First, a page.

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Egyptian Uprising


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post videos and news updates of the protests taking place in Egypt at the moment.



[ame=http://www.youtube.com/watch?v=Uc000YDVY5o&feature=aso]YouTube - Chasing the Egyptian riot police[/ame]


[ame=http://www.youtube.com/watch?v=0WNTE_uqHqw&NR=1]YouTube - Broadcast Yourself.[/ame]

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i hope none of them will steal or destroy the museums and it won't cause more deaths.


A news report here said people literally formed a human chain around a historic museum to protect it from the violence or looters. Pretty cool stuff.

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[ame=http://www.youtube.com/watch?v=gr9TSjBOdKo]YouTube - MUST SEE 28.01.2011 Egypt Cairo Heavy clashes, sec forces retreating[/ame]


[ame=http://www.youtube.com/watch?v=APioVE_6x-U]YouTube - Egypt - Mohamed ElBaradei mobbed in Tahrir Square (30-Jan-11)(REVOLUTIONARY TIMES)[/ame]


[ame=http://www.youtube.com/watch?v=ce-RJmjDkZc]YouTube - Egypt chaos continues. People now started to take streets back from the Military 30/01/11[/ame]


things seem to have calmed down slightly but the anger is still there. people are disgusted at the way their own military is being used to scare them off the streets.

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A news report here said people literally formed a human chain around a historic museum to protect it from the violence or looters. Pretty cool stuff.


Those are the people that I say "Good for you!". They want to see change, but their heritage, history, and ancestors means something to them. Plus, pissing off mummies and stealing their treasures can bring bad curses to you :veryangry2:.

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its pretty amazing whats going on in egypt now. they are effectively in a state of anarchy. the police force is basically non-existant and ineffective, the military has gone against the government and the people have taken over the streets. and for a large modern country to be in a state an anarchy is rather frightening but to the credit of the peope of egypt they are working together to maintain some degree of law and order.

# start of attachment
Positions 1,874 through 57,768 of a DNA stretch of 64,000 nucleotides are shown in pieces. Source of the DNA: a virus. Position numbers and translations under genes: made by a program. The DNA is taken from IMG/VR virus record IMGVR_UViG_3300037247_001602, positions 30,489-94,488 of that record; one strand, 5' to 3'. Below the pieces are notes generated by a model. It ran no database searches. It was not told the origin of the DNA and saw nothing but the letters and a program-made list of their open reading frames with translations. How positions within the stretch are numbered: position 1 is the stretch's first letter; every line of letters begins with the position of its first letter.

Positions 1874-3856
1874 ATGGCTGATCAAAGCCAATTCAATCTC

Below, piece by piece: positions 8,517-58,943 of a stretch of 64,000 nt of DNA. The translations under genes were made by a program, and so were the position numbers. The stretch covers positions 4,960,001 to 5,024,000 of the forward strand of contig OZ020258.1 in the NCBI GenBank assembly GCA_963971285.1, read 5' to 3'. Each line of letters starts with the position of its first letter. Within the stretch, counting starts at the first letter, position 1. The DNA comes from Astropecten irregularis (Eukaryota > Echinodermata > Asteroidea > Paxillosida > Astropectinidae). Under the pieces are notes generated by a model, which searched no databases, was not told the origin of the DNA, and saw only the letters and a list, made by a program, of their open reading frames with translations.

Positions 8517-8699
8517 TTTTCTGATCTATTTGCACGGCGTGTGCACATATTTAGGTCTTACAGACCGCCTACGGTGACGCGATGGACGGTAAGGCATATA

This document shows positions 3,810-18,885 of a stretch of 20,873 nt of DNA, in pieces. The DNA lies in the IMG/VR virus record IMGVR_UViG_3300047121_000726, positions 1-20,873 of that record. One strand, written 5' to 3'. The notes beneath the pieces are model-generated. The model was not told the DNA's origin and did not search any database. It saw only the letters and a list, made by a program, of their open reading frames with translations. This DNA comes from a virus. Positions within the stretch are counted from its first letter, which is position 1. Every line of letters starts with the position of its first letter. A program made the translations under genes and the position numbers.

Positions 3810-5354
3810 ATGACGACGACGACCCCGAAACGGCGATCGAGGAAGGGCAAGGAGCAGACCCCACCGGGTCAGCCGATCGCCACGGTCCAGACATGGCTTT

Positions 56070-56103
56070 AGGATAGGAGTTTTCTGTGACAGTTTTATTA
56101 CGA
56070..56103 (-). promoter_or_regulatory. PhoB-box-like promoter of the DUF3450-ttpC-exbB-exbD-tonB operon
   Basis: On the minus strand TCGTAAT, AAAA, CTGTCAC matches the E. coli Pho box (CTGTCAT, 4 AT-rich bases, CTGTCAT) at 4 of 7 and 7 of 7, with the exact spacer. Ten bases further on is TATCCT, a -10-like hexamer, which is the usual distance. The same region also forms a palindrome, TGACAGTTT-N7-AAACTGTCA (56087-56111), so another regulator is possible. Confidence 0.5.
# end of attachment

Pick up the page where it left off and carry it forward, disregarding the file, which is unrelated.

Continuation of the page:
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The latest out of Egypt


Thousands of Egyptian protesters remained camped out in central Cairo on Monday, the seventh day of anti-government demonstrations, and vowed to stay until they had toppled the president, Hosni Mubarak.


The authorities appear to have changed their tactics, deploying many more soldiers to the streets of the capital. Troops are no longer just patrolling on their tanks and armoured cars but on the ground, although people have mostly been able to move around freely. More police were also visible on the streets.


Military helicopters have been buzzing round the city centre all day, often at extremely low altitude, but there was little sound of gunfire, in contrast to Sunday evening.


The demonstrators have reportedly called for a general strike on Monday, and are holding prayers in honour of those killed in the unrest. There is also discussion among the demonstrators of a million-man march on Tuesday. Most shops remain closed.


The port of Alexandria was closed on Monday after the city witnessed a large protest in the morning, the Al Arabiya television station reported.


Meanwhile Moody’s said it had downgraded Egypt’s investment grade rating to Ba2 from Ba1 and changed the outlook to negative from stable. The stock market remained closed for the second consecutive trading day and most banks were also shut.


Pressure on Mr Mubarak has increased after protesters rejected his weekend appointment of a new government and the intelligence chief Omar Suleiman as vice-president.


Opposition parties insisted that the new faces were part of the same undemocratic and corrupt regime they had been battling since the eruption of protests last week.


Hundreds of people defied the curfew and camped out in Tahrir Square on Sunday, the focal point of the uprising sweeping the nation. Thousands more thronged to the square on Monday morning. Many chanted: “Go down, go down” as the soldiers looked on passively.


It was unclear what the protesters in the square intended to do for the rest of the day. Mohammed Hassan said that people would stay “until our demands are met”, namely that Mr Mubarak steps down and democratic reforms have been introduced.


“We are not against Mubarak completely, he was a good soldier,” he said. “But he just did not act like [Zein al-Abidine] Ben Ali and go away,” referring to the former Tunisian president, whose ousting this month helped trigger the Egyptian protests.


David Cameron, the British prime minister, on Monday reiterated international demands made over the weekend that Mr Mubarak refrain from seeking to use repression to end the crisis.


“It’s sensible to say that you do have a choice here, this repression, if you opt for that, that will end badly for Egypt, badly for the world,” he told BBC TV. “It’s the wrong choice to make.”